Two publishers of scientific journals have withdrawn 120 papers which they have discovered were nothing more than computer-generated gibberish.

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Layers and layers of peer-review: Two publishers of scientific journals have withdrawn 120 papers which they have discovered were nothing more than computer-generated gibberish.

Over the past two years, computer scientist Cyril Labbé of Joseph Fourier University in Grenoble, France, has catalogued computer-generated papers that made it into more than 30 published conference proceedings between 2008 and 2013. Sixteen appeared in publications by Springer, which is headquartered in Heidelberg, Germany, and more than 100 were published by the Institute of Electrical and Electronic Engineers (IEEE), based in New York. Both publishers, which were privately informed by Labbé, say that they are now removing the papers. …

Labbé developed a way to automatically detect manuscripts composed by a piece of software called SCIgen, which randomly combines strings of words to produce fake computer-science papers. SCIgen was invented in 2005 by researchers at the Massachusetts Institute of Technology (MIT) in Cambridge to prove that conferences would accept meaningless papers — and, as they put it, “to maximize amusement” (see ‘Computer conference welcomes gobbledegook paper’). A related program generates random physics manuscript titles on the satirical website arXiv vs. snarXiv. SCIgen is free to download and use, and it is unclear how many people have done so, or for what purposes. SCIgen’s output has occasionally popped up at conferences, when researchers have submitted nonsense papers and then revealed the trick.

The real story here is that many of these gibberish papers were peer-reviewed by actual scientists who are supposedly experts in their fields and should have spotted the fakery immediately. That they didn’t suggests another level of corruption. Either they don’t really bother to peer review the papers they are asked to peer review, or they knew what was going on and were part of the game.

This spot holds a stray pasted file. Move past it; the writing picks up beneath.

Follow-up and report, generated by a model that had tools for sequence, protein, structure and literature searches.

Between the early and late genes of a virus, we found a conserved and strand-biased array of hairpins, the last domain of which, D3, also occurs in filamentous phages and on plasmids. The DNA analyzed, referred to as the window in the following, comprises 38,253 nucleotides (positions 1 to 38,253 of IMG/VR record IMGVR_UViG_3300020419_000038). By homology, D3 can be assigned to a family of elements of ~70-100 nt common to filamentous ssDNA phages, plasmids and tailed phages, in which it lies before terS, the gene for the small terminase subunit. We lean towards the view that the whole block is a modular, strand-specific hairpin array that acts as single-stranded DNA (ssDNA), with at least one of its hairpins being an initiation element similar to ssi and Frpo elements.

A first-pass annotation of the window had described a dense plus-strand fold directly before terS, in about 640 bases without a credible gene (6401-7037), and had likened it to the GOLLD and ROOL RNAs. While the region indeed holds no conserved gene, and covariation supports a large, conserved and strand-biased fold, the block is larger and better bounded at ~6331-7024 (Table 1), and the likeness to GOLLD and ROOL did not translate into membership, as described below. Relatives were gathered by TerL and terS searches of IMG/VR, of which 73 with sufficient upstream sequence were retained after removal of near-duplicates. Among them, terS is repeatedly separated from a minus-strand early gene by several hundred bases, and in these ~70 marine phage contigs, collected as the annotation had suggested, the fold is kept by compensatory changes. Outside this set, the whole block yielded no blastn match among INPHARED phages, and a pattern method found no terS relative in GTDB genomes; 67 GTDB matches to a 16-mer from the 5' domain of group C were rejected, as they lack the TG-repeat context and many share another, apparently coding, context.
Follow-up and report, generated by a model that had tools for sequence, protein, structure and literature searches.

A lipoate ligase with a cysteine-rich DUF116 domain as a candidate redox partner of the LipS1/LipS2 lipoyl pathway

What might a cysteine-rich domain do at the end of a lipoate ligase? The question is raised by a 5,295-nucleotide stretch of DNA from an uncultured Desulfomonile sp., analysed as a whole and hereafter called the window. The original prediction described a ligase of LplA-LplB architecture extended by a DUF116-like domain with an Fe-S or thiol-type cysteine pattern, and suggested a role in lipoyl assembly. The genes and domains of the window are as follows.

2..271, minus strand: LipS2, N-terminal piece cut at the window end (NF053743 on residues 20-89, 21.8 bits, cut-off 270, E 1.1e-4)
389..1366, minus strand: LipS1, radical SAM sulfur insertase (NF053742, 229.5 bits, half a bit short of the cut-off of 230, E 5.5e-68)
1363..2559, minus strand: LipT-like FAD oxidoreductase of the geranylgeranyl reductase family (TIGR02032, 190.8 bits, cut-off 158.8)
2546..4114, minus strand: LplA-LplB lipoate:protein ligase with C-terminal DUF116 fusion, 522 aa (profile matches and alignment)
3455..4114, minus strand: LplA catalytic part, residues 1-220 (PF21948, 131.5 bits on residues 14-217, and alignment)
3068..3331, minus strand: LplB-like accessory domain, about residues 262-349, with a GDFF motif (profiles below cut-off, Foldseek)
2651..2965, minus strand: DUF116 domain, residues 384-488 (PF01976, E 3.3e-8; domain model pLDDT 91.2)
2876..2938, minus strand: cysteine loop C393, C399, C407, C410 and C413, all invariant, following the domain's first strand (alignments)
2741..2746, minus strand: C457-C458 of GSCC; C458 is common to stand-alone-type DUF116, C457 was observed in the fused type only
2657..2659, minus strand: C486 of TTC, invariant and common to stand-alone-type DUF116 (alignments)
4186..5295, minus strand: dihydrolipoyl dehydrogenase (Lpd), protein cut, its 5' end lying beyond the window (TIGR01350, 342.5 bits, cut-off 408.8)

That this kind of stuff happens repeatedly in many fields of science should make us all very skeptical of any controversial scientific claim that carries with it any political component. This doesn’t mean that all published material is fake, only that we must not take anything on faith. Controversial results had better be bomb-proof before we accept them willingly.


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  • Patrick Ritchie

    Oy, what a mess.

    It seems more and more obvious that peer review as presently performed is not improving the quality of published papers.

    I suppose that wouldn’t be an issue if everyone agreed peer review adds no value, but the problem seems to stem from the supposed legitimacy garnered as a result of peer review. Authors often trumpet the fact that their papers have been ‘peer reviewed’ as though this in and of itself proves their conclusions.

    So if peer review isn’t adding value, what would?

  • “So if peer review isn’t adding value, what would?”

    Personal responsibility.

  • Patrick Ritchie

    Hah! Indeed it would.

    But there is much about the structure of the way science that gets done that incentives bad behavior. Funding structures that award money to those that already agree with the desired conclusion, journals whose peer review process is a joke and succesful careers based on publishing volume all seem to be problems.

    A good system is one in which even the bad actors end up doing the right thing, modern science sometimes feels like the opposite. Given how much we are actually learning in spite of all that I would say that scientists as a group have pretty good personal responsibility.

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